Do you enjoy a vista of some sort as you’re weeding your carrots or pruning the roses? Rolling farmland, perhaps, or snow-capped mountains in the misty distance?
Robert Guyton’s garden with a view
Gardens are beautiful places, with their leafy glades, vibrant flowerbeds as well as orderly rows of vegetables and herb-fringed paths. However, every garden is improved by having a backdrop towards which the eye and mind of the gardener can wander when tools are downed and focus shifted from the near to the far.
I’m very fortunate in having a romantic outlook, both figuratively and literally. From my garden, I look out upon a sparkling body of water and a mystical mountain. The glistening waters of the Jacob’s River Estuary and the two rivers that feed her, Pourakino and Aparima, and the maunga tapu, sacred mountain of this part of the world, Taˉkitimu, weren’t put there, I know, for my viewing pleasure, but enjoy them I do for their beauty and the contrast they provide to my own simple efforts at creating a landscape.
The sky too, I count as a distant foil to my plantings of trees and shrubs, but like the mountain and the estuary, it has the habit of disappearing.
So thickly have I planted the orchard, swathes of native shelter trees, fruiting and flowering shrubs, and scrambling vines, that before I know it and with relentless regularity, the curtain of green of my forest garden that closes over the view can’t be drawn back without a good deal of work.
It’s not a problem for my wife and I, occupying as we do, the bedroom at the top and front of our two-storey house. From our window we can look out over the trees and enjoy a view of 100km and not have to peer past anything to see whether there’s snow on the mountaintop or dolphins heading up the river.
The curved belts of natives – shaggy cabbage trees, dense broadleaf and even the dark-bladed flaxes – are the real challenge in keeping the view clear. They all grow so quickly and thickly, ignoring their progress leads to closure of all the sight lines and complete loss of outlook.
It’s true, I could climb a tree to spy the scene, but my parents-in-law won’t and I owe them the pleasure of a lovely view whenever they visit, so I prune and clear every year – just avenues, mind you, not clear-felling. I love the “foresty” feel too much to lay everything flat for the sake of an outlook. It’s enough to keep the apple trees pruned in an open style. I also keep
the flaxes light rather than dense. I occasionally fell a too-dense tree for no reason other than to let in the light.
It would seem a heavy chore if trees had to be removed entirely from the garden, but I’ve learned the value of leaving as much of the wood as possible, on site, cut into smallish pieces to cover the ground off the pathways, where they can eventually return to the soil.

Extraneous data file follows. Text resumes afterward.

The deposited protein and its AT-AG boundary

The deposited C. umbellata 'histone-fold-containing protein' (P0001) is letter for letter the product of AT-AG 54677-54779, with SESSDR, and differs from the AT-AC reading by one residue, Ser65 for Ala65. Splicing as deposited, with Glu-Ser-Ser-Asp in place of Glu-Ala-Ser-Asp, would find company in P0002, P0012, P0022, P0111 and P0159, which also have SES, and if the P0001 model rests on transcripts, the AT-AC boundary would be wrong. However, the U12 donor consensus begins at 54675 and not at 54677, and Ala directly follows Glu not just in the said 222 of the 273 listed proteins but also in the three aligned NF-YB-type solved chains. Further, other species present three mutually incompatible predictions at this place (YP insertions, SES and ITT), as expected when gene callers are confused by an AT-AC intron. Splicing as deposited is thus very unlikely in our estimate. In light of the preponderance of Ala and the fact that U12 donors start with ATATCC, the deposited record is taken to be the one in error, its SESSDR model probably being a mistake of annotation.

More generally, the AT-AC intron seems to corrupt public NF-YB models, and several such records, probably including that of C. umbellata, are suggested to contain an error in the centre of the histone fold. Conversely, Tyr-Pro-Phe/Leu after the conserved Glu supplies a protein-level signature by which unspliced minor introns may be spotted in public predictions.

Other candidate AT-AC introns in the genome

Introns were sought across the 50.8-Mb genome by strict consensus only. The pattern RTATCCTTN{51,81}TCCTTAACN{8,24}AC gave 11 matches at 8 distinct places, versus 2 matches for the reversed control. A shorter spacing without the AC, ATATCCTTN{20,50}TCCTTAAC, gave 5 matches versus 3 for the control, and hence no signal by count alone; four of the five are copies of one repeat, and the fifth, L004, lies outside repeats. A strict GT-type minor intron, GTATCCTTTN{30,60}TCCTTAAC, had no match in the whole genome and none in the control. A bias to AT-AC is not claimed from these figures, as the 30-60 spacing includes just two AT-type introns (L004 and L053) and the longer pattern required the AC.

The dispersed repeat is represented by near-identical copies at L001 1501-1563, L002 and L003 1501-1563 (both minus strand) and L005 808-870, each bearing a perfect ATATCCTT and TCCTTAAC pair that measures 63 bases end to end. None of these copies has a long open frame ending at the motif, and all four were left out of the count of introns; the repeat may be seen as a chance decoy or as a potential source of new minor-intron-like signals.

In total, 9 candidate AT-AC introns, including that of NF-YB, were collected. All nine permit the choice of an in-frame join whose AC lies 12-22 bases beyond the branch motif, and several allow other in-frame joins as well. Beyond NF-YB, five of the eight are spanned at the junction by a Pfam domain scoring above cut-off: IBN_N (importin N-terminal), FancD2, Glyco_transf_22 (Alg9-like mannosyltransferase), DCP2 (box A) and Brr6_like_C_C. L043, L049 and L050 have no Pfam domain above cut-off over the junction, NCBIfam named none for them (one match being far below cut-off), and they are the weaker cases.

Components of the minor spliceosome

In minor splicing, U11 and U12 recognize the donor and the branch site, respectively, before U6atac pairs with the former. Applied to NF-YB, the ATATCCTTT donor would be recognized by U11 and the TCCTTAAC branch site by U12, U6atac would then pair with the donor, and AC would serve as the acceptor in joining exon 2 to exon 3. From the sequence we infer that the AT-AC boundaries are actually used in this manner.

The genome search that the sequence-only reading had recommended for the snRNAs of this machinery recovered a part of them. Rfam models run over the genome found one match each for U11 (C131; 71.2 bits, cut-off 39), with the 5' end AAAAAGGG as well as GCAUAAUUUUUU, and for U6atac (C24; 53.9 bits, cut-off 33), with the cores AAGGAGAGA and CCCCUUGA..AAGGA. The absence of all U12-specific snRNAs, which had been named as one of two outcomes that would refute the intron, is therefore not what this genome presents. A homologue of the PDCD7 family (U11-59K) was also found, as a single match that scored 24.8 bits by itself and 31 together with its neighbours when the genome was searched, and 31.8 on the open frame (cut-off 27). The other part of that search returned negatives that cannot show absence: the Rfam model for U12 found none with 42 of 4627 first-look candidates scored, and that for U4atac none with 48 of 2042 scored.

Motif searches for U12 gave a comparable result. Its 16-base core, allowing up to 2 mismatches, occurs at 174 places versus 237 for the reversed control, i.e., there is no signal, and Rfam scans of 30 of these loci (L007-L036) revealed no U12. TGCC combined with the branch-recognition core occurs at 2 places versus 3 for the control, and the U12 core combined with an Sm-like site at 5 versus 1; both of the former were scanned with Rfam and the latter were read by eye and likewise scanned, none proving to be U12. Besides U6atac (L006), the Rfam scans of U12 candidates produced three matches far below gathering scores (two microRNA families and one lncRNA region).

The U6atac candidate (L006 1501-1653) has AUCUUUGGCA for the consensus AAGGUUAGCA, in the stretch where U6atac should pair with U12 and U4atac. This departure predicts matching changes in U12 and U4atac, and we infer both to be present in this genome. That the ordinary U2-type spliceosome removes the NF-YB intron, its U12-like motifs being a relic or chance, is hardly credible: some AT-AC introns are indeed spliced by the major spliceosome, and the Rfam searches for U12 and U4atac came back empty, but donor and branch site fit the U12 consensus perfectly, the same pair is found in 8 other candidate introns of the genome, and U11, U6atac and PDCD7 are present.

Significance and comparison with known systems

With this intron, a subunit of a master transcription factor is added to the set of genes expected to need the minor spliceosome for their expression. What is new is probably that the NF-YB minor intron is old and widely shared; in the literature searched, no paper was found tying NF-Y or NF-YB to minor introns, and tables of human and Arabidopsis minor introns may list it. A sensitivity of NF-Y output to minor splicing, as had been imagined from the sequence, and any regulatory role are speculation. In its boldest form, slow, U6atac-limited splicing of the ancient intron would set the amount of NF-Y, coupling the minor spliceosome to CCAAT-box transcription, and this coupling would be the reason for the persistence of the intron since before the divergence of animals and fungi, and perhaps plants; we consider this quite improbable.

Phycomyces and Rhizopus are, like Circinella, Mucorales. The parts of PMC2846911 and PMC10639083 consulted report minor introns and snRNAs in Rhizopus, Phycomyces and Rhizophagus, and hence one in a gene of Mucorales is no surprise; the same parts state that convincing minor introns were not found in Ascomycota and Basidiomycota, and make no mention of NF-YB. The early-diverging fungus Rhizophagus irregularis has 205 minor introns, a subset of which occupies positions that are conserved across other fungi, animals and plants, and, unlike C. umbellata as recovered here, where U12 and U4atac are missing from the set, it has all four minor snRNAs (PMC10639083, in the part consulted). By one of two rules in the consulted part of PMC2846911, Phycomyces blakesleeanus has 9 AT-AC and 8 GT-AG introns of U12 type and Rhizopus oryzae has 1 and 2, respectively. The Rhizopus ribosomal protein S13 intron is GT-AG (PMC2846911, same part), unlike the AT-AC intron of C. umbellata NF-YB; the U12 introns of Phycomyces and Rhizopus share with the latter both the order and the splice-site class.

Some of those branch segments I assemble to make small fires for my grandchildren and me to enjoy in the evenings; perhaps blackening a sausage or carbonising a marshmallow, but more often for poking fennel stalks and lengths of bamboo into, to create cascades of sparks that swarm up the column of hot air the fire creates. Those fires, when transformed to ash, cooled and spread throughout the garden, then add to the health of every plant that receives them.
So the management of the garden with the vista in mind is no hardship for me and has many benefits.
Letting sights from the natural world into the garden is a pleasure and a privilege.
I know not every garden enjoys a spectacular outlook or even one that’s tolerable. Yours may open out onto a building site or a block of apartments, so your needs will be different and you’ll choose screening rather than vista-revealing as a way to get the maximum enjoyment from your garden.
Where a screen is needed and a wall isn’t already in place, fast-growing plants can create a living barrier between you and the scene you want to forget.
Depending upon the scale of the cover-up required, long-lived perennials, those that disappear back into the soil over winter, biennials or annual plants can be used to make a green screen.
Built structures too, such as a trellis or light netted fence, can provide a lattice upon which rapidly growing climbing plants – anything from the nasturtium or the pea family – can be encouraged to clamber, and unattractive sights be made to disappear as those vigorous plants gain height.
Sunflowers and Jerusalem artichokes rocket skyward when given the chance and a rich soil, and can quickly form a wall of big leaves behind which industrial vistas can be hidden.
Toetoe is a marvellous grass for screening scenes that don’t make your heart flutter with delight, and have the bonus of more than doubling in height just when you need them, with the eventual eruption of their tall and attractive plumes.
Bamboo, or at least varieties of bamboo chosen for their manageable growth habits – the clumpers, not the runners – make resilient and attractive curtains through which you might still get the occasional glimpse of the outside world when the wind is swaying the canes and that might be just the reminder you need of how lucky you are to have a garden at all into which you can escape from the harsh outside world.
Whether you are trying to get a look at the landscapes beyond your garden fence or keep the sight of them from your eyes, plants are the key to success and are the tools we gardeners best understand.
Robert looks out to the Jacob’s River Estuary and, back amongst the clouds, the Takitimu mountains.